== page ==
The Labor Department’s latest “annual benchmark revisions” show that the labor market isn’t as strong as previously believed.
Every month, the Bureau of Labor Statistics estimates how many jobs the economy added or subtracted based on a representative sample of 689,000 employer work sites.
But there are around nine million employer establishments nationwide. So BLS checks its estimates against tax records covering nearly all those employers.
In its preliminary report this year, 500,000 fewer jobs turned up, said BLS economist John Stewart.
“By comparison, since 1979, a downward revision of 501,000 would be the third-largest that we’ve seen,” Stewart said.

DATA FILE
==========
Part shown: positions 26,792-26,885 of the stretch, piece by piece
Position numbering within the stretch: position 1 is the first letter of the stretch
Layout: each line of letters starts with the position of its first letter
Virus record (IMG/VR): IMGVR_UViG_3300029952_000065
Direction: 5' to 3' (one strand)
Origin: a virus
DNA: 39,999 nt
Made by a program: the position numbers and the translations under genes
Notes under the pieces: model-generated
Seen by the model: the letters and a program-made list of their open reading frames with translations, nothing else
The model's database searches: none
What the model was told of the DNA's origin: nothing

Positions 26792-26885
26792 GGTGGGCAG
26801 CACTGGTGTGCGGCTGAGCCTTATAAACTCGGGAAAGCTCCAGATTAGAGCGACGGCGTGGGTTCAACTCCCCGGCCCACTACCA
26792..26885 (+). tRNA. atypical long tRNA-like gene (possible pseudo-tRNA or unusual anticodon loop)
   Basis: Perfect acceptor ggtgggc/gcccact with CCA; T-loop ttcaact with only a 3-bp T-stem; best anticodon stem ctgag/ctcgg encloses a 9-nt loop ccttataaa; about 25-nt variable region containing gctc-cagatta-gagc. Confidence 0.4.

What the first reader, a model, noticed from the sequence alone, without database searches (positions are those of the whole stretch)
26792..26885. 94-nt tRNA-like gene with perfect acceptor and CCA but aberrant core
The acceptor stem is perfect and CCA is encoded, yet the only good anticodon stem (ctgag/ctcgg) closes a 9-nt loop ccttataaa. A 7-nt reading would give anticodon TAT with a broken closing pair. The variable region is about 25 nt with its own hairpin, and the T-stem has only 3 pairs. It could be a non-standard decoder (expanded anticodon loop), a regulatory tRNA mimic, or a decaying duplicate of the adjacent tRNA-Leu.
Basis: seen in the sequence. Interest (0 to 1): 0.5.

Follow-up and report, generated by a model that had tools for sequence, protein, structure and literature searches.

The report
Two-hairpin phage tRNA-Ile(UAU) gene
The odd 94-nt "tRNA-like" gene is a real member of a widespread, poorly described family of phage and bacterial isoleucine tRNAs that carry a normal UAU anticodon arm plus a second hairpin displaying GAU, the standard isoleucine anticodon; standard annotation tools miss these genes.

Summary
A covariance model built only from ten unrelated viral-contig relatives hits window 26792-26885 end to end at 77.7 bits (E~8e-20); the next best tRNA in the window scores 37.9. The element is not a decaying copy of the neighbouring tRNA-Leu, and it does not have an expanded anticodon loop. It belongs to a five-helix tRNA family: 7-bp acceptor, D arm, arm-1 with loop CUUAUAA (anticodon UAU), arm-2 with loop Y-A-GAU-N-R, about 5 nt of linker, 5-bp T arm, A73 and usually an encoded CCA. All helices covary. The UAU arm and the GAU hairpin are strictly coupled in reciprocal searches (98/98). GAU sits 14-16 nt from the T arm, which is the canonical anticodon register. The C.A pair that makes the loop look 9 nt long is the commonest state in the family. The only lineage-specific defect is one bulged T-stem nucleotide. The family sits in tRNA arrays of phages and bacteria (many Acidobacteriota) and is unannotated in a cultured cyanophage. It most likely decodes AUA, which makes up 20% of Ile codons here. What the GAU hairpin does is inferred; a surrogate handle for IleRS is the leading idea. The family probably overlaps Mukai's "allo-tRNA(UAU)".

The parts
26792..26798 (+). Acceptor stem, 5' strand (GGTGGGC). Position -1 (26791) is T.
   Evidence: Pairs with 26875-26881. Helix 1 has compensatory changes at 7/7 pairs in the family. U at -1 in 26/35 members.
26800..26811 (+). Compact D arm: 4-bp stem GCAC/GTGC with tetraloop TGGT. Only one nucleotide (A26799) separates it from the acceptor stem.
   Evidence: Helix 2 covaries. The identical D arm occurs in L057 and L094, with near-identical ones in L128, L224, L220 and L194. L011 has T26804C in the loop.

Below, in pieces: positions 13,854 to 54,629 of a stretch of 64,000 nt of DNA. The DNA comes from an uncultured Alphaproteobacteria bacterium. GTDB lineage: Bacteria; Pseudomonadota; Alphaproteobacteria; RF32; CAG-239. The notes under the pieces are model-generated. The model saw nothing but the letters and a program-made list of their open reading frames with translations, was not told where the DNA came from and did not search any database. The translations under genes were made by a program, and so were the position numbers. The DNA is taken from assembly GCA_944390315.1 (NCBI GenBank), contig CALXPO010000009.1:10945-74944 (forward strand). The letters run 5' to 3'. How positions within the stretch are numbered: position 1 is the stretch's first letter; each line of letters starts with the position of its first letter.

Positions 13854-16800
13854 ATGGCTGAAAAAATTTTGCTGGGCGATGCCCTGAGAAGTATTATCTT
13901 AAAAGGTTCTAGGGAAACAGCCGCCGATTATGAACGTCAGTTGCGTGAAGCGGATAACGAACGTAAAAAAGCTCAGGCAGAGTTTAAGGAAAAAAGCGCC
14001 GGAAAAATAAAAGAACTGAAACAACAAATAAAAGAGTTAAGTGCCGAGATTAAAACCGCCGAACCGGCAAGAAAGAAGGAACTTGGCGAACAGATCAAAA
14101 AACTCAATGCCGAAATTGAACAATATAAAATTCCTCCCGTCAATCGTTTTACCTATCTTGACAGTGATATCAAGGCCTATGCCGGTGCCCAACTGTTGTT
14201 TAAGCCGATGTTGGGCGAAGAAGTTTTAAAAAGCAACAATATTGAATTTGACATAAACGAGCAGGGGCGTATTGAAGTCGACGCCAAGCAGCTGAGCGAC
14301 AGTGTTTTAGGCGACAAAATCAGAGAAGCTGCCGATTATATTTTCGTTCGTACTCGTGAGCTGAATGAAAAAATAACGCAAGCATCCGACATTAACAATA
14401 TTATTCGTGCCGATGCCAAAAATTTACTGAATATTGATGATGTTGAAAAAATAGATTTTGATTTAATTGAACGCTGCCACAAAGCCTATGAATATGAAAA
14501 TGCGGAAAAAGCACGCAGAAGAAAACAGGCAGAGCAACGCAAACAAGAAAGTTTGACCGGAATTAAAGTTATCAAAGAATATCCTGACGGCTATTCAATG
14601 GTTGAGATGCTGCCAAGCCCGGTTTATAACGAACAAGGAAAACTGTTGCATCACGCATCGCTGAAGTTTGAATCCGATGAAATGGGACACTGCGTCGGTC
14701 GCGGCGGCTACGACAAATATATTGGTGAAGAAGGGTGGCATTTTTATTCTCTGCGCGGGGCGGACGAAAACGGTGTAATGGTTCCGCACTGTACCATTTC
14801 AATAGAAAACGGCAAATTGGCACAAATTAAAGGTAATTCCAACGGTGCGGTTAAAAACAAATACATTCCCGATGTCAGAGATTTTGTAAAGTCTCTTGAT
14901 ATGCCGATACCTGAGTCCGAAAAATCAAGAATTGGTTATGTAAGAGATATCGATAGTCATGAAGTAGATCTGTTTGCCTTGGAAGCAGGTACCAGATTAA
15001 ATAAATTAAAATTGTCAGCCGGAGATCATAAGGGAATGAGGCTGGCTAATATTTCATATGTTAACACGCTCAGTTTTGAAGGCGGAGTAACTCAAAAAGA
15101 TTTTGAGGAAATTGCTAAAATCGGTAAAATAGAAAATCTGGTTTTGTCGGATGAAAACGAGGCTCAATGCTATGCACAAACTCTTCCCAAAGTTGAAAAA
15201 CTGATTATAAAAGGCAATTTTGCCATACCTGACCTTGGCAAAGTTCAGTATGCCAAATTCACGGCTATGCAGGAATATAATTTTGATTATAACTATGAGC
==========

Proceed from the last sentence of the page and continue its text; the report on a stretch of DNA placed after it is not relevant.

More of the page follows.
Betsey Stevenson, a University of Michigan economist, said it’s a sign the labor market is weaker than we thought.
“It’s possible that when you see a particularly large negative number, it signals that the economy is at a turning point,” she said.
There were also big downward revisions in 1981, 1991 and 2009, all of which coincided with recessions.
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